"घोड़ा एक जानवर होता है ।"

Translation:The horse is an animal.

July 23, 2018

This discussion is locked.


Why this Horse is an animal wasn't accepted? And by the way since it was general truth so there was no need to specify the before horse


It seems to me that Hindi uses the "singular as general" more than English does. Imagine a nature documentary: "The horse is an exceptional animal. It can run all day with a human on its back. The horse was first domesticated in..." Its clear that we're talking about horses in general, not one particular horse. It seems like Hindi uses this feature more than English does. I guess thats what the"hota" does - it makes the sentence into a general habitual sentence about "the horse".


"The horse" in this case would mean horses in general. "Horse is an animal" would be correct if "Horse" were the proper name of a specific horse.


You need either 'a' or 'the' otherwise it's not correct English, (unless we are talking someone whose name is "Horse"). 'Horses are animals' is OK English, but that's not the answer to this question, though perhaps it should be as, logically, it's saying the same thing.


I keep confusing “animal” (जानवर) with “young” (जवान). Hopefully I don’t embarrass myself in front of a native speaker.


is होता optional here ?


No. होता turns the sentence into a statement of general fact. If you were talking about one horse, you might drop होता but this particular sentence establishes that all horses always always are animals.


OK seriously, this case or tense or whatever it's defined as linguistically SURELY has an English equivalent which translated should be "Horses are animals." Can we make this acceptable or put this grammar point further in the tree so there is no confusion with adjectival conjugation?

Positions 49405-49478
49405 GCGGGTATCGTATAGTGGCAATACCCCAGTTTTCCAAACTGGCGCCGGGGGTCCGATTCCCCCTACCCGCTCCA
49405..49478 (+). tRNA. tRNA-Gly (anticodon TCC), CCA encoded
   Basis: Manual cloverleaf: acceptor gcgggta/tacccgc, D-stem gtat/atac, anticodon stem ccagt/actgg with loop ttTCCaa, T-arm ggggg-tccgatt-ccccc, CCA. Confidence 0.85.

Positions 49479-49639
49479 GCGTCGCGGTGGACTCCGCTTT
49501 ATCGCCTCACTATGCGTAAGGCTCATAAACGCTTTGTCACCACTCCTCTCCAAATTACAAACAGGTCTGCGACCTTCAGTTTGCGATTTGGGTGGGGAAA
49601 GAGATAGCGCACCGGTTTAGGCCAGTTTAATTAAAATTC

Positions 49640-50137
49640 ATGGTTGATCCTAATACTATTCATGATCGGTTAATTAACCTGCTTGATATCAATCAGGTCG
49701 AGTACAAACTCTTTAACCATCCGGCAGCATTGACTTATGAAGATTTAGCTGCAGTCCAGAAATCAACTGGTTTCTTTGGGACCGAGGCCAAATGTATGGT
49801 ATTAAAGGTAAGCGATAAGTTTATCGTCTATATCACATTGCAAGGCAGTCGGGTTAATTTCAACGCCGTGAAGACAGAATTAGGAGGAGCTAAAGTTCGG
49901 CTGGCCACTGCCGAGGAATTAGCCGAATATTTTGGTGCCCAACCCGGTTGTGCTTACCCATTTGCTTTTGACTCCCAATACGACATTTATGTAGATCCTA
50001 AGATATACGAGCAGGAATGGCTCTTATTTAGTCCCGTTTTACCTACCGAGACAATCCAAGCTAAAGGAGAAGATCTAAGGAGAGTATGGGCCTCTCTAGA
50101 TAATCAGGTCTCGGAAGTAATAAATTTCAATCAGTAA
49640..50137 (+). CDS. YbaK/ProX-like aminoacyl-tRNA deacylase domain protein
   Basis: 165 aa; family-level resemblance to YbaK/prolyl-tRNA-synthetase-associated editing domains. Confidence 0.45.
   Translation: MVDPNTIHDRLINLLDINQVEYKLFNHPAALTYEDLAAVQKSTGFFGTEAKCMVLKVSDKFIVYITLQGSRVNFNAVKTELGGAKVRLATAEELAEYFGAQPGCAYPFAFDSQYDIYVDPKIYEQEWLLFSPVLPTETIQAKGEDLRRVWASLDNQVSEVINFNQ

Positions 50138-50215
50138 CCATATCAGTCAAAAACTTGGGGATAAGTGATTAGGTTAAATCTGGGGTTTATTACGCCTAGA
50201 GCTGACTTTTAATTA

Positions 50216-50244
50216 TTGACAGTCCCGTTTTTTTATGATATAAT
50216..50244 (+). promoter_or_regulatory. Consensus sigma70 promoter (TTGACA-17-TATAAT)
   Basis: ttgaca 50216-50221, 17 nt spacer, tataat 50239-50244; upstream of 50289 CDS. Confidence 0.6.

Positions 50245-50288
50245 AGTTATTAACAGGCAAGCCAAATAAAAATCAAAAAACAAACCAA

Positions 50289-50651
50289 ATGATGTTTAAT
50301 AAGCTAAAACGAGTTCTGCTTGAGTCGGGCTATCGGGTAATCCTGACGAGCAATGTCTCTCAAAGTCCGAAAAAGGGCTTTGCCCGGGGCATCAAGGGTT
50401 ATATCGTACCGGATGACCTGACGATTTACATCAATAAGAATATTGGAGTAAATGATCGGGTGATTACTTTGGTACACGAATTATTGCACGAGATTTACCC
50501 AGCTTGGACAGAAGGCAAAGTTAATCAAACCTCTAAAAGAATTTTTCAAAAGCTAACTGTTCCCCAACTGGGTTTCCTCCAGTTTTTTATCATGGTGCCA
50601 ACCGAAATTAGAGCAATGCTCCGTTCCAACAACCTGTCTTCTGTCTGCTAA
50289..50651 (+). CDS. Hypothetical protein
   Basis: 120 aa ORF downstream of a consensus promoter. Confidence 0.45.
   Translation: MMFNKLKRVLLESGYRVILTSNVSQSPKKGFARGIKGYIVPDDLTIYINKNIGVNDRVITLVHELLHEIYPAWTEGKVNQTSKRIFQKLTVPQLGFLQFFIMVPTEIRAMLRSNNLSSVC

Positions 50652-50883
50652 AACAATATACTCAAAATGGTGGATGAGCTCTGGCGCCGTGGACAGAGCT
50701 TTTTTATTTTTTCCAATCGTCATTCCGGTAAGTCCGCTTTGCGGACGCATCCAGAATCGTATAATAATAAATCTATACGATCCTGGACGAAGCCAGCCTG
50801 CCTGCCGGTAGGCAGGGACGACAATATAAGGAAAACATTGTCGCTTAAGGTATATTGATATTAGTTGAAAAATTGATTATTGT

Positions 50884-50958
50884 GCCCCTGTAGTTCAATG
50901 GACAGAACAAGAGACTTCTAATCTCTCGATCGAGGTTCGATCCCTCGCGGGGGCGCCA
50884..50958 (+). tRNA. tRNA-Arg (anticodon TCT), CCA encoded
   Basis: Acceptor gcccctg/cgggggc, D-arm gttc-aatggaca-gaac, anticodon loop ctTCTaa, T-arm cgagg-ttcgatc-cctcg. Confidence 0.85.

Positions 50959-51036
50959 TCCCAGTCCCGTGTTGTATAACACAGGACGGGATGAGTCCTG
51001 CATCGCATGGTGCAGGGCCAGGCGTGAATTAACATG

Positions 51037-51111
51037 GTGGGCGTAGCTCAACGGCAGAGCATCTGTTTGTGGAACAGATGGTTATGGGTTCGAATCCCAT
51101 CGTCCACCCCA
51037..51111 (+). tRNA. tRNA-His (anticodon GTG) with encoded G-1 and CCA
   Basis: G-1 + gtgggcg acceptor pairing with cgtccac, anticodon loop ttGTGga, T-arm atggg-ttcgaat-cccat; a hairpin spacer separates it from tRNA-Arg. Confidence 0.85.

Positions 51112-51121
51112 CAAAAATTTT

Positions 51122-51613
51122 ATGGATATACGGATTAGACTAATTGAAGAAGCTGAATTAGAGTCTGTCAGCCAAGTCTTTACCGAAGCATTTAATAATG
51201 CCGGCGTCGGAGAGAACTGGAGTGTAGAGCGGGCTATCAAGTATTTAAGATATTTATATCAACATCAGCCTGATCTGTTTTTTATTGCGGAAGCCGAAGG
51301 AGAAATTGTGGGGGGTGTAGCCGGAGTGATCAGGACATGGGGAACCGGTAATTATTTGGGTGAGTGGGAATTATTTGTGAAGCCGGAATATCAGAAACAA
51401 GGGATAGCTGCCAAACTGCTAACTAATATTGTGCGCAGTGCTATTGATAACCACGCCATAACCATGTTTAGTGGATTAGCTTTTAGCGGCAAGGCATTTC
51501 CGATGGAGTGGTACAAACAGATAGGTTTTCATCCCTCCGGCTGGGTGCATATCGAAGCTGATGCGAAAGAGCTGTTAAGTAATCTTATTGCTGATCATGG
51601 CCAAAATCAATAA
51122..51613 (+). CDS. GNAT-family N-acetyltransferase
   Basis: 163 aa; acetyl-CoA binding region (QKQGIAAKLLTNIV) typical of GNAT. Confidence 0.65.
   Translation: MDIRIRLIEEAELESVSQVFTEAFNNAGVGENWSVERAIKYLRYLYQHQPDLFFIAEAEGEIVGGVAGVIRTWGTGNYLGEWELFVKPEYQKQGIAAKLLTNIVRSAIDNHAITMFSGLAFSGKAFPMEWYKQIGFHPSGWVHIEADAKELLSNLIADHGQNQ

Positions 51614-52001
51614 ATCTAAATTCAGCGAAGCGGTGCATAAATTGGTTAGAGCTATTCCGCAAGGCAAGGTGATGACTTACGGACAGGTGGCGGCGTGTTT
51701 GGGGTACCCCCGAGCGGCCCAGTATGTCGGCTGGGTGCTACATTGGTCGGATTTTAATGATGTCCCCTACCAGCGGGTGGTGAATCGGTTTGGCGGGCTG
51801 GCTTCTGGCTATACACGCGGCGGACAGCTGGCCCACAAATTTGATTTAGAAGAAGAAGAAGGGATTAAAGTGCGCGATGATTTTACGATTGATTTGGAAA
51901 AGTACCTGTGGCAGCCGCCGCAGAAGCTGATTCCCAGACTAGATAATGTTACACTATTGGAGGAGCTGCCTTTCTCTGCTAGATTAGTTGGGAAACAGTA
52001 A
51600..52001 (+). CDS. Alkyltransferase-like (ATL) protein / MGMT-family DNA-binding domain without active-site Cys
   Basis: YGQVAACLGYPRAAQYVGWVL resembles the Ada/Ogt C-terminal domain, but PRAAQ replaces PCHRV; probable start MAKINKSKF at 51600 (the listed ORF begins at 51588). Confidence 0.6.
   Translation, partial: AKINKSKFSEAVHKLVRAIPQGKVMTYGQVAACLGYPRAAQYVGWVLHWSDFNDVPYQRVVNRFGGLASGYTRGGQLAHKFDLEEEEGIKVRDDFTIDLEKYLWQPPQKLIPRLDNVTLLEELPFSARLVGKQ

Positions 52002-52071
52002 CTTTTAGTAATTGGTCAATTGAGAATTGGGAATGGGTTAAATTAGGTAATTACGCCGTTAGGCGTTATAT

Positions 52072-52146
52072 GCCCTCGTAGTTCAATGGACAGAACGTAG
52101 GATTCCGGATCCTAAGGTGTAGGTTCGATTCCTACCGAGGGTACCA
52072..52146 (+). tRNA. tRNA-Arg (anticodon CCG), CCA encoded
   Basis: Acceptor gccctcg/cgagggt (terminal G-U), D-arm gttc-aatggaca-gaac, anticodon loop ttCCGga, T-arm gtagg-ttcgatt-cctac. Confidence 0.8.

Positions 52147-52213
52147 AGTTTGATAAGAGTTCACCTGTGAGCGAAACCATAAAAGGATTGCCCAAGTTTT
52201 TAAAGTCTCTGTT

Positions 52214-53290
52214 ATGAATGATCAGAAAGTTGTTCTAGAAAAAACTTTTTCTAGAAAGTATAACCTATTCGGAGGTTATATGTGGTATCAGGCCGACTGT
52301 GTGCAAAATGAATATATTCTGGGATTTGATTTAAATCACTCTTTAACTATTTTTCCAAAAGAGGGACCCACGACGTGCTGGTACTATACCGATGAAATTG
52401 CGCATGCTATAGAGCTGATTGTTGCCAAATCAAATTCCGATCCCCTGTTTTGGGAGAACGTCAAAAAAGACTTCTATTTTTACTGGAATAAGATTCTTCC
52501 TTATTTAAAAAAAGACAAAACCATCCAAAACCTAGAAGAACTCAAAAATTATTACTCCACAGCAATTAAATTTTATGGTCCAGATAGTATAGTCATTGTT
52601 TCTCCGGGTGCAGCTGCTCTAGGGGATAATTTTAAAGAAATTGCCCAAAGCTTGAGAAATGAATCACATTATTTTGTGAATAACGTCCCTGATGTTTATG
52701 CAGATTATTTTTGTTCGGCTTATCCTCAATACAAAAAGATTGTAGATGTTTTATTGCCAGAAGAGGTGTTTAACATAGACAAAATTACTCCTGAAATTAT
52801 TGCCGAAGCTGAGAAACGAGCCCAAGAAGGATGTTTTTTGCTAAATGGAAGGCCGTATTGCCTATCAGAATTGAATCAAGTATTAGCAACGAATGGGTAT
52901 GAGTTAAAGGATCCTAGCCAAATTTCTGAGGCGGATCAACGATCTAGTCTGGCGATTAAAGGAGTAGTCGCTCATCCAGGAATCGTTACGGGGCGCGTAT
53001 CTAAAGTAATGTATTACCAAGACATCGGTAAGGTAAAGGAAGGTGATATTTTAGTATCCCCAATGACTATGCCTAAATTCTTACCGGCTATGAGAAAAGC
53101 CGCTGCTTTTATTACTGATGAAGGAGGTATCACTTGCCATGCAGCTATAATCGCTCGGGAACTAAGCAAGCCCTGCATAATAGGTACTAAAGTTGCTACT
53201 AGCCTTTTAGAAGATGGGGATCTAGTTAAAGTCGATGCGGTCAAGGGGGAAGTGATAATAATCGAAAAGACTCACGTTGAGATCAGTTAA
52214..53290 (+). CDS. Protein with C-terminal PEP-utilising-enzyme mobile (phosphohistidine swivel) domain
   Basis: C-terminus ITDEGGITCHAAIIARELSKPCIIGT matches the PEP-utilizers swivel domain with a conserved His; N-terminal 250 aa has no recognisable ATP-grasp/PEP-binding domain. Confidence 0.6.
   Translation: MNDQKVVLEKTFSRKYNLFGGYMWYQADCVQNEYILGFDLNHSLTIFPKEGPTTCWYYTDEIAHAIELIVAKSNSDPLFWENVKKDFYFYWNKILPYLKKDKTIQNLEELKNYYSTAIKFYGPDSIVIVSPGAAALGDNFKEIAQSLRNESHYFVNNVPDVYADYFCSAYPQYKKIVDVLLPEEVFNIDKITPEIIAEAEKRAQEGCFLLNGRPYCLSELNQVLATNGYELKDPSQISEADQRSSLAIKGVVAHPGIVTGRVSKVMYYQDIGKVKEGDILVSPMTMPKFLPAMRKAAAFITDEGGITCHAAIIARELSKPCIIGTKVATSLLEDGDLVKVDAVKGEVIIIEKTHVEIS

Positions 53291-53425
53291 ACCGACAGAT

I agree, reported.


The capitalization of "The" was a dead giveaway that it was the first word in the English answer.


Yeah, the word bank choices are crap for learning, too easy. In another one I knew I'd got an earlier gender wrong because I had already run out of 'choti's when I knew the next animal was feminine.


I get that hota/hoti/hote is used for a general statement of fact (ie, "in most cases" or "generally speaking"). But is it seriously needed in this sentence? Horses are ALWAYS animals, not just generally speaking or in the most common case. Horses are always (100% of the time) animals.


A Horse is an Animal is also correct. No problem


What happens when the होता is omitted?


In ungrammatical English, it's like 'The horse bes an animal' vs. 'The horse is an animal'. (But it's ungrammatical because we don't really use it, which makes it harder/more confusing to learn a language which does.)

Alternatively, think of the habitual aspect of a different Hindi verb, such as खाता, to eat. घोड़ा एक सेब खाता है 'the horse eats an apple' vs. घोड़ा एक सेब है 'the horse is an apple' .


Do we really need एक in this sentence? I thought that एक is used when you explicitly state a number (unlike a/an in English which needs to be in a sentence even when you don't really intend to emphasize the number).


It emphasises it, you certainly need it to translate 'one', and otherwise it's like 'an animal'. So no, the sentence works without it, just loses that emphasises.


I have to say it's confusing: Sometimes the general statement has hota/hoti/hote, and sometimes (just the sentence before this one) there isn't. Why? Is it optional?


Could it also be A horse is an animal?


Yes, that's actually a better translation for a general statement about horses. Either 'a horse is ...', 'horses are ...', or 'the horse species is ...' works.

(The last is a little awkward, but point is it needs to be 'horse something' if using 'the', unless it's clear from quite an academic context, otherwise it sounds like a specific horse.)

Learn Hindi in just 5 minutes a day. For free.